Marcus Griffin moves forward in search of NFL opportunities, succeeds at Pro Day
Marcus Griffin walked off the field at Turf Bay in the Indoor Athletic Complex with a smile, laughing and appearing pleased with his Pro Day performance.
As he walked toward the sideline to recuperate, former teammates and friends greeted and congratulated him with each step.
If you didn’t know any of Griffin’s background, you would assume playing college football was always this easy.
At 6-foot-3, Griffin was a four-star defensive tackle prospect coming out of Bellevue High School in Washington, where he was named all-state on offense and defense. He eventually committed to play at the University of Arizona for then-coach Rich Rodriguez.
Although he was highly touted, Griffin only appeared in 11 games and made five tackles for the Wildcats.
After his redshirt junior year at Arizona, Griffin was eligible to transfer as a graduate student and made the decision to come to Central Michigan.
Griffin entered the 2018 season hoping to reach some of that untapped potential he never could at Arizona, and use the opportunity to make the NFL.
However, success as a Chippewa would not come without struggles.
“It was a bittersweet opportunity,” Griffin said. “I kind of felt like some parts of that was a failure, but at the same time it was a learning lesson for me.”
Entering the season with a previously unknown injury was certainly one of those lessons for Griffin.
“I mean I came in with a torn labrum and me not knowing (that) and then finding out and doing what I could to try to stabilize that and build off that. But at a certain point in the season I just didn’t have anything I could give,” Griffin said.
Another documented lesson for Griffin was his relationship with CMU defensive line coach George Ricumstrict.
The two had a rocky relationship during Griffin’s time as a Chippewa, and he has talked about it in previous interviews, but at his Pro Day, Griffin seemed to be more at peace with the situation.
When asked to reflect on his relationship with Ricumstrict, he laughed.
“I think I said in a previous interview that just we’re two different personalities, two different types of people," Griffin said. “Nothing against him, and I’m not gonna bad mouth him, but I’ll just say that our fits are completely different. That ended up causing some clashes that I wish didn’t happen. That’s life, nothing is a perfect scenario.”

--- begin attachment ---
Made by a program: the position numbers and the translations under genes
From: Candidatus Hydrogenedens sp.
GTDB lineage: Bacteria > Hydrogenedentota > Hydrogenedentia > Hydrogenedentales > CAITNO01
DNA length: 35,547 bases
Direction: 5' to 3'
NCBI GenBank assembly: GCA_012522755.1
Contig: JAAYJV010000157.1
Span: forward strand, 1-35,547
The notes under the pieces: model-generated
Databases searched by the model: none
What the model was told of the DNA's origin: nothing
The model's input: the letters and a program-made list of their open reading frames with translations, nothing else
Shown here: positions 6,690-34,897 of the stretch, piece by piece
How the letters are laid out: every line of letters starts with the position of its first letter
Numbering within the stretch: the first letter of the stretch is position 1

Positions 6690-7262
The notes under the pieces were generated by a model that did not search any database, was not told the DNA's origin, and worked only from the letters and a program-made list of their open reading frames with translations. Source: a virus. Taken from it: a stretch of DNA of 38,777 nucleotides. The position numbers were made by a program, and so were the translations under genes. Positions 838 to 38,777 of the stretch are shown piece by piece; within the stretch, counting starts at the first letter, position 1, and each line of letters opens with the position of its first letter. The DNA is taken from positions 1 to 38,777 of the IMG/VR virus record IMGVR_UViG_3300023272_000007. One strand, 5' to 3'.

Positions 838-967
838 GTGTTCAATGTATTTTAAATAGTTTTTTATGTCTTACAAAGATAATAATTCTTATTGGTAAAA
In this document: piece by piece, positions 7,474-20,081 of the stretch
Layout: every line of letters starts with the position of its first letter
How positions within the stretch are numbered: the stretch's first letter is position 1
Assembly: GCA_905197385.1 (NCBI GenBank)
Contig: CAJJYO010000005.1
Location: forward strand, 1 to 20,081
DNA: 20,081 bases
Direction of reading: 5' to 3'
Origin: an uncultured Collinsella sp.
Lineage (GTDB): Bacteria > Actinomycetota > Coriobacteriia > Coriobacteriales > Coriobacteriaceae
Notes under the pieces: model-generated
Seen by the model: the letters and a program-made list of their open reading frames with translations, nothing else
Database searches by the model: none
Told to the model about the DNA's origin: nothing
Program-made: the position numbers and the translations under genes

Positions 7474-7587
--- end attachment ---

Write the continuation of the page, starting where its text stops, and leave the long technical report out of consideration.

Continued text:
Although he doesn’t want to cause tension with his former position coach, Griffin did say that he wished the two had been able to get along better.
“I think it would have been an easier transition,” Griffin said. “It wasn’t like he made my life terrible or hell, but it was harder than it should have been, but I mean that’s his job.
"He’s not gonna apologize for what he did-- I’m not gonna apologize for what I did.”
Griffin ran a 5.12-second 40-yard dash at CMU’s Pro Day, which is good enough to put him near the top half of defensive line prospects that ran at the NFL Scouting Combine. During drills, Griffin showed off his ability to move quickly and believes scouts in attendance noticed that as well.
"I think I showed that I can move today, pretty well for my size. I think once I get home and lose the extra weight that I gained, I’ll be in a whole different bracket,” Griffin said.
Through the draft process, he has talked with a few teams and gotten the feeling he can enter NFL rookie mini-camp as an undrafted free agent, allowing him to work hard in front of a team to earn a roster spot.
Walking off the field, Griffin finally appeared to be content as a Chippewa. He’s going to leave all of the baggage that has followed him from his days as a high school football star. From being labeled a bust at Arizona to dealing with the transition to CMU, Griffin is now closer to being an NFL player, and he is ready to work at it.
Griffin was asked if there are any teams in particular that he hopes to extend him a mini-camp invite.
“Whoever gives me the opportunity, I’ll make the most of it. I’ll be grateful for it. I just want to get in there.”